My mother is not big on the crochet/knitting thing, but she makes up for it with power tools, sanders, and every shade of acrylic paint Michael’s sells. She also sews. She’s actually very good at sewing. I was tortured throughout my childhood with my mother trying to teach me how to sew.

The disasters are family stories – the time I hemmed my dress (which I had no intention of ever wearing) to my jeans. And then there was the time I made kitchen curtains without any thread in the bobbin and couldn’t figure out why they kept falling off the rod.

I am afraid of my sewing machine and after the slight concussion of a few weeks ago, I am doubly afeared. It used to just silently glare at me and taunt me to try and fill the bobbin. Now, it seems, its malevolence has branched into physically harming me when I have no intention of pressing it into service.

That love/hate relationship centers on the fact that I love that talent/ability and hate that I don’t have it.

I did manage to spray paint this piece <br>I bought at auction for a $1.

I did spray paint this piece I bought for a $1.

I arrive at the sistering on Friday to discover that two of the guests did a run through Michael’s and purchased an astonishing amount of beads, wires, thingie-dos and other accoutrements for the making of jewelry. The idea was that we would all sit around talking (about boys or no) while making necklaces, earrings, bracelets, anklets, etc. etc.

I had a right awful day Friday. I immediately envisioned myself lopping off a finger with the needle nose plier-thingies and spending the night in the Emergency Room. Or somehow crafting earrings that would turn my ears black with gangrene. Or, worse, having all the art students laugh at me. I have a good ear for music, but can’t sing a note anyone besides me has ever heard. I also have a good eye for design, but can’t execute.  (I’ve spent 25 years trying to learn how to crochet and my only accomplishment is the ability to chain if I concentrate really hard.)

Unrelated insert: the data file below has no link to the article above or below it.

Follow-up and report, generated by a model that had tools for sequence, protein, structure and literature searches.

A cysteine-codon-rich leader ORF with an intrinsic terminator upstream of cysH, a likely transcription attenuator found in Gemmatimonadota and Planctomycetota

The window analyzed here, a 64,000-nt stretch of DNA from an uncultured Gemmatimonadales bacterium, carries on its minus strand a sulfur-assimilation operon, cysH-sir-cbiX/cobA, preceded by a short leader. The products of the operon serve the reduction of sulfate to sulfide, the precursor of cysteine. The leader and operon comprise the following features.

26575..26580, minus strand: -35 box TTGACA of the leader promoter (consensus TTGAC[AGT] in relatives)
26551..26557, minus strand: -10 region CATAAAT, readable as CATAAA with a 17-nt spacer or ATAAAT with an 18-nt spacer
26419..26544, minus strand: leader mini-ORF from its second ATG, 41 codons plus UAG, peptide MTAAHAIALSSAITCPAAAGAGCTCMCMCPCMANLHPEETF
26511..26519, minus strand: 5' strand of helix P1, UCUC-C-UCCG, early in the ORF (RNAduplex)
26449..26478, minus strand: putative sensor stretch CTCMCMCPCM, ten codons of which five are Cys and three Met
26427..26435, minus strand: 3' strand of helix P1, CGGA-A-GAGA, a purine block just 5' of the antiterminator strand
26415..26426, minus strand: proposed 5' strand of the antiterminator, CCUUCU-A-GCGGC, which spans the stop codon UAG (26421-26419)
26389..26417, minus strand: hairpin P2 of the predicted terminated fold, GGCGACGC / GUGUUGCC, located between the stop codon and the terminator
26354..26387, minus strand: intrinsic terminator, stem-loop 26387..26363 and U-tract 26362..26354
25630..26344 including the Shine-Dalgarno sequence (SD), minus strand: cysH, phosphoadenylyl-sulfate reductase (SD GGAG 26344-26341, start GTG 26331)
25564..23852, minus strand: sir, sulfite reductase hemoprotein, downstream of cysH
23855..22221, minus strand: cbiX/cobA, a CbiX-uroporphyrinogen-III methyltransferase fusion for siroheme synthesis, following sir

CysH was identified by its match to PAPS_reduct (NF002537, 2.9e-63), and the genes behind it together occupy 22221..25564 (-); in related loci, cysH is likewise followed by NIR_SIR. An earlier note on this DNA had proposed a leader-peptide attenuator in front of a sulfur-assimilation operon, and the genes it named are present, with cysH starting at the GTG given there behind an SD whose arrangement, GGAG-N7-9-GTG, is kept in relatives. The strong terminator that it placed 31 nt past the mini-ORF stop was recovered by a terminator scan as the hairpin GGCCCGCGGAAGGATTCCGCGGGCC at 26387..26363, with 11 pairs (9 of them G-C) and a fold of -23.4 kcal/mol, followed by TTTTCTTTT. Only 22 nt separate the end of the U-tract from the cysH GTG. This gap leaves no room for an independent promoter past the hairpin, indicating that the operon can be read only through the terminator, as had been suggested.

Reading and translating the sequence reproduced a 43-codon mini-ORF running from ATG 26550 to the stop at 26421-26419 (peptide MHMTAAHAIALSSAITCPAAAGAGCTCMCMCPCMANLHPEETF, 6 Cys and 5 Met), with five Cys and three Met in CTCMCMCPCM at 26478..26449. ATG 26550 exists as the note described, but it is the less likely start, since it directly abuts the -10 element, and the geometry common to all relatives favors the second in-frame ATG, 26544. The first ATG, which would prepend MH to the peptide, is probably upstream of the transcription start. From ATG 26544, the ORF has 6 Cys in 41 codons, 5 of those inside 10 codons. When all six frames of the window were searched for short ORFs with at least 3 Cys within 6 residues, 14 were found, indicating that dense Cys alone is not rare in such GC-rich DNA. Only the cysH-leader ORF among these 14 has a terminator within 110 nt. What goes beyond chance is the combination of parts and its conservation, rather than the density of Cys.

I know my limitations.

Generally, I’m not too concerned about being laughed at and poke more fun at myself than the others could even begin to match. But. I had a right awful day Friday and was trying to control my twitching.

I demurred.

Voila!  Bodily adornment for me, me, me!

Voila! Bodily adornment for me, me, me!

I insisted it would be far better and I would enjoy myself far more watching them turn hobby supply store goods into bodily adornments. I ate lasagna, drank wine, and watched women make jewelry.

The creative process (whether art or craft) intrigues me. I love watching artists and craftspersons execute. It doesn’t matter if it’s the well-turned leg of a piece of furniture or the execution of a piece of sculpture. Watching that ability to take raw goods and turn it into something visually appealing is a great form of entertainment.